first draft motivation productivity

3 books to help boost your NaNoWrimo word count

Yes, it’s November, and that means another NaNoWriMo is here again!

NaNoWriMo, or National Novel Writing Month, is an annual event where writers from around the globe get together to produce a novel’s worth of output in a single month. Since everybody works through this challenge as a group, there’s a baked-in support network. There are regional groups and meetups too, so you’ll always have others who can help you through the marathon.

Why take part? If you complete the challenge, you have fifty-thousand words! What happens if you fail? Nothing, really! Let’s say you only (note the emphasis on only) manage thirty-thousand words, you’re still thirty-thousand words ahead of where you were in October, right? Same deal if you “only” write ten-thousand, five-thousand, or even one hundred words.

And what if the words don’t feel right? Consider this an exercise in speed writing combined with an introduction to a vibrant and fun community of like-minded people.

NaNoWriMo isn’t for everybody, but it might be just the thing you need to get moving on that big project you’ve been procrastinating.

If this is something you’re interested in, here are three great books that can help you reach the finish line. And they’re all affiliate free, so we’re not trying to make any money off these sales–these are genuine recommendations.

first draft productivity

Why you shouldn’t worry about first draft formatting

If I waited for perfection, I would never write a word.

Margaret Atwood

Starting a new writing project is exciting. Perhaps the idea has been stewing in your brain for weeks or months, or maybe it erupted from your head like Athena.

New writing projects come with lots of unanswered questions. Who should the main character be? What are the world’s rules? Should you write in first person, third person, or should you take a more experimental approach?

What about more subtle concerns, like the font size or the formatting? Should you write this project in a format designed for your agent, whether you have one or not? Is it better to plan for a self-published story and to save time now by setting up your document as close to the final formatted version as possible?

Photo by Andrew Neel on Unsplash

Most writers should consider the first draft as a place to think more about the story and less about the presentation. Develop your character, your setting, your plot, and give yourself all sorts of room to explore your new world. Forget about page margins and font sizes for now.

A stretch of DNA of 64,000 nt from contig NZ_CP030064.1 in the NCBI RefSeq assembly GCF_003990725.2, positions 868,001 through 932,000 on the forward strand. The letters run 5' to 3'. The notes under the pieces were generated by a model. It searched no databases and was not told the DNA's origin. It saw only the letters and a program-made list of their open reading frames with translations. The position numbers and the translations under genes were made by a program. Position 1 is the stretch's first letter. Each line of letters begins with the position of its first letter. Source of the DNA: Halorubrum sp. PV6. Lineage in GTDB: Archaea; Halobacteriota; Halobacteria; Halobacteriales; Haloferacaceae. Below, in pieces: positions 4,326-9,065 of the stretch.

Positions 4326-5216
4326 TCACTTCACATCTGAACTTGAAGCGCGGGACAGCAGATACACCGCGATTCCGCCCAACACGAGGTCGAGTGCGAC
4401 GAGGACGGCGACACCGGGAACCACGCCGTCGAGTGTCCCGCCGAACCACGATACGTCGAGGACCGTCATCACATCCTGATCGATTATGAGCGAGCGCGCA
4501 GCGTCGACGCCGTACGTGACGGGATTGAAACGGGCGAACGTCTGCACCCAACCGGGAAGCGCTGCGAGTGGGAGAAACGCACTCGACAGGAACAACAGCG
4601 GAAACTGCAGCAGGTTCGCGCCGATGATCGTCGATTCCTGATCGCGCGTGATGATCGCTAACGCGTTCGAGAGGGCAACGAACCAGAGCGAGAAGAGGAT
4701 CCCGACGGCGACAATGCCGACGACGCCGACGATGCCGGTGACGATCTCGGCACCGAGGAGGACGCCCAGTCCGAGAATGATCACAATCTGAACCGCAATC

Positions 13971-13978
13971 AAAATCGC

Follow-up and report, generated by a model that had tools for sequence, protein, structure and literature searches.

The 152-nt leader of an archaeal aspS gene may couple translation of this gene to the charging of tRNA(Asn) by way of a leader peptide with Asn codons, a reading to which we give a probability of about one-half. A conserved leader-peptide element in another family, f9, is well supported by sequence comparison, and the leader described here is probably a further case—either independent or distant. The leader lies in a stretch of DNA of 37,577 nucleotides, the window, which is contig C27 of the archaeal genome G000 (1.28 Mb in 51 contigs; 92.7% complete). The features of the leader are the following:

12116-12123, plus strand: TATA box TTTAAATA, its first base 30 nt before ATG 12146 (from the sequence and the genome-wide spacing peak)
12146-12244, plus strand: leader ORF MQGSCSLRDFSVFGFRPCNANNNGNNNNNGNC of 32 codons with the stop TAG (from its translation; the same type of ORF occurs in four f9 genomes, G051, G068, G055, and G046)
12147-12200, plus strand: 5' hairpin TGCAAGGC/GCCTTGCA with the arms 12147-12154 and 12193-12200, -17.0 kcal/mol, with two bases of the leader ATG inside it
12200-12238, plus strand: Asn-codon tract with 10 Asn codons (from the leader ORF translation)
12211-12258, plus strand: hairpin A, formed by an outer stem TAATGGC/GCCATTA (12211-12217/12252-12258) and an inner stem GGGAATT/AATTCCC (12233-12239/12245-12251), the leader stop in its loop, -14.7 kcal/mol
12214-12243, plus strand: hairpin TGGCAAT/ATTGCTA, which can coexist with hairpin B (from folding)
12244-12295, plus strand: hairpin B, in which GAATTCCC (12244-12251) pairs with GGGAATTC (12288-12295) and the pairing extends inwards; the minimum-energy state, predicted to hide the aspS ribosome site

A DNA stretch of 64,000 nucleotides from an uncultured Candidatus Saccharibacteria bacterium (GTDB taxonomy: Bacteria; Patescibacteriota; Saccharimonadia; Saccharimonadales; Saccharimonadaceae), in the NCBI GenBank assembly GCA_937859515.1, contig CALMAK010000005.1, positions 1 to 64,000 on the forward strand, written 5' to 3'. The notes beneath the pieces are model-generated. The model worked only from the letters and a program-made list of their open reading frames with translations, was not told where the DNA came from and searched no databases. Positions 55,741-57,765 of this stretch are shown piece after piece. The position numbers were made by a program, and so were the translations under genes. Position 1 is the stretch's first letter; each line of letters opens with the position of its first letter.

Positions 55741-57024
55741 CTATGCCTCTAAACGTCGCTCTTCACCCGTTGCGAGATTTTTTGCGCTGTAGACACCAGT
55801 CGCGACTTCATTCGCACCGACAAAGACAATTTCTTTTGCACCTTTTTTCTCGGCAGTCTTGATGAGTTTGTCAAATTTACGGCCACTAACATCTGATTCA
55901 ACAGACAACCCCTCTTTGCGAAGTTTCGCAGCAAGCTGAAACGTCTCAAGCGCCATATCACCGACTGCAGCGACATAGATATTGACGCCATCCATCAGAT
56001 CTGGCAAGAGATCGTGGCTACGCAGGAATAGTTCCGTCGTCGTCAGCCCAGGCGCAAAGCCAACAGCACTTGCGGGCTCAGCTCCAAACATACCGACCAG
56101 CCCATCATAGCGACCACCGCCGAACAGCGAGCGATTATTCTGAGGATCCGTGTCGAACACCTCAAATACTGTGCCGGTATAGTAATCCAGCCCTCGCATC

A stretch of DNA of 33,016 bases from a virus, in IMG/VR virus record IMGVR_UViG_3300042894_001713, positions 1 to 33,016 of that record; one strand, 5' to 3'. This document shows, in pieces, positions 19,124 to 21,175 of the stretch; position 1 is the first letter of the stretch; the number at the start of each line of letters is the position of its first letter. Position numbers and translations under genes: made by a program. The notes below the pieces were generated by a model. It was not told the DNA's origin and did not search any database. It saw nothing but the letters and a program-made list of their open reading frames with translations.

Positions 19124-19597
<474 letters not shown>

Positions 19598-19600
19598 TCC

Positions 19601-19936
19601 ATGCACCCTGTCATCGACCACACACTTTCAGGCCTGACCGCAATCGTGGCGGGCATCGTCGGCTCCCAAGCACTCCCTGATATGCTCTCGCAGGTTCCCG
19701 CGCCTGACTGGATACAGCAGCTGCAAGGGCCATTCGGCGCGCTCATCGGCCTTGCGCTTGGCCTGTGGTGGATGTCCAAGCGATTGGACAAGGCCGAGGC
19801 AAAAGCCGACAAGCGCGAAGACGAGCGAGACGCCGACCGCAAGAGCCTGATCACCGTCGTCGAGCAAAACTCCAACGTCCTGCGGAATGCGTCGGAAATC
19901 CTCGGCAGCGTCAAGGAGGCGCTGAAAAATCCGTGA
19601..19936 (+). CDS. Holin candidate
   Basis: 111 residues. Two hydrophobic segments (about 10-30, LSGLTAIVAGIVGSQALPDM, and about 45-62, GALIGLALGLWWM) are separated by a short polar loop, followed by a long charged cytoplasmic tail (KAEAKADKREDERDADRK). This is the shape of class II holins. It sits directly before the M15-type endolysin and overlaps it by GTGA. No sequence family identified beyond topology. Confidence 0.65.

motivation productivity

Writing when you only want to plan

Imagination is a wonderful thing. A major reason that many of us write is to realize the unforgettable characters, gorgeous locations, and killer plots bouncing around in our heads.

The only drawback to having a great imagination is that it’s easier to simply imagine an amazing world than to generate words that evoke the same feelings.

Photo by William Iven on Unsplash

Have you ever tried to put words on the page that don’t feel right? Do you have a folder full of half-baked ideas that would certainly become best sellers if you could only find the right words? I certainly do.

Why does it feel so easy to imagine a complicated world while feeling so hard to write about that world?

This is a call for all you plotters. You’re not alone in this battle.

A word after a word after a word is power.

Margaret Atwood
productivity revision

My first draft is done, now what?

Congratulations! You’ve completed the first draft of your story. You’ve put in the time by writing, typing, pondering, and plodding on through it all. You’ve sweated, snacked, and maybe even cursed a few times. And after all of that, the first draft is done.

So, uh, what now?

First thing’s first. You’re awesome. Finishing a first draft is a huge task, and by finishing, you’re already way ahead of the field.

Finishing a first draft can be spooky! Should you now write the draft again from scratch and hope the second time works out better than the first? Or should you re-read every chapter again, hunting for flaws? Or does finishing the first draft mean that you’re all done and can start hunting for an agent?

What’s a writer to do?

You’re a lot closer to being done, but there is still some work ahead of you. Fortunately, you can use some objective approaches to get from first draft to the final version.

motivation productivity

What to do when you have too many ideas

We’ve all been there. We’ll be plugging away at a story, diligently banging out the words. Before we know it, as if getting a glimpse of a shiny toy on the edge of our vision, we’ll be captivated by something new.

  • This story’s fine, I guess, but I’d enjoy writing this other story even more!
  • Wouldn’t it be cool if I wrote a novella about this secondary character?
  • Sure, the antagonist is bad, but what if there was a different villain? While I’m at it, why not change the hero?
  • You know what would make this better? A PREQUEL TRILOGY WITH LASER BUNNIES.
With credit to Alex Norris (

My hard drive is littered with abandoned drafts. Yours might be too.

How can we stop ourselves from falling into the trap of giving up on one story in an attempt to pursue something new? And how can we stop ourselves from doing the same thing with the next story? And the next one? And the one after that?

Having too many ideas might sound like a good problem to have, but it can be paralyzing.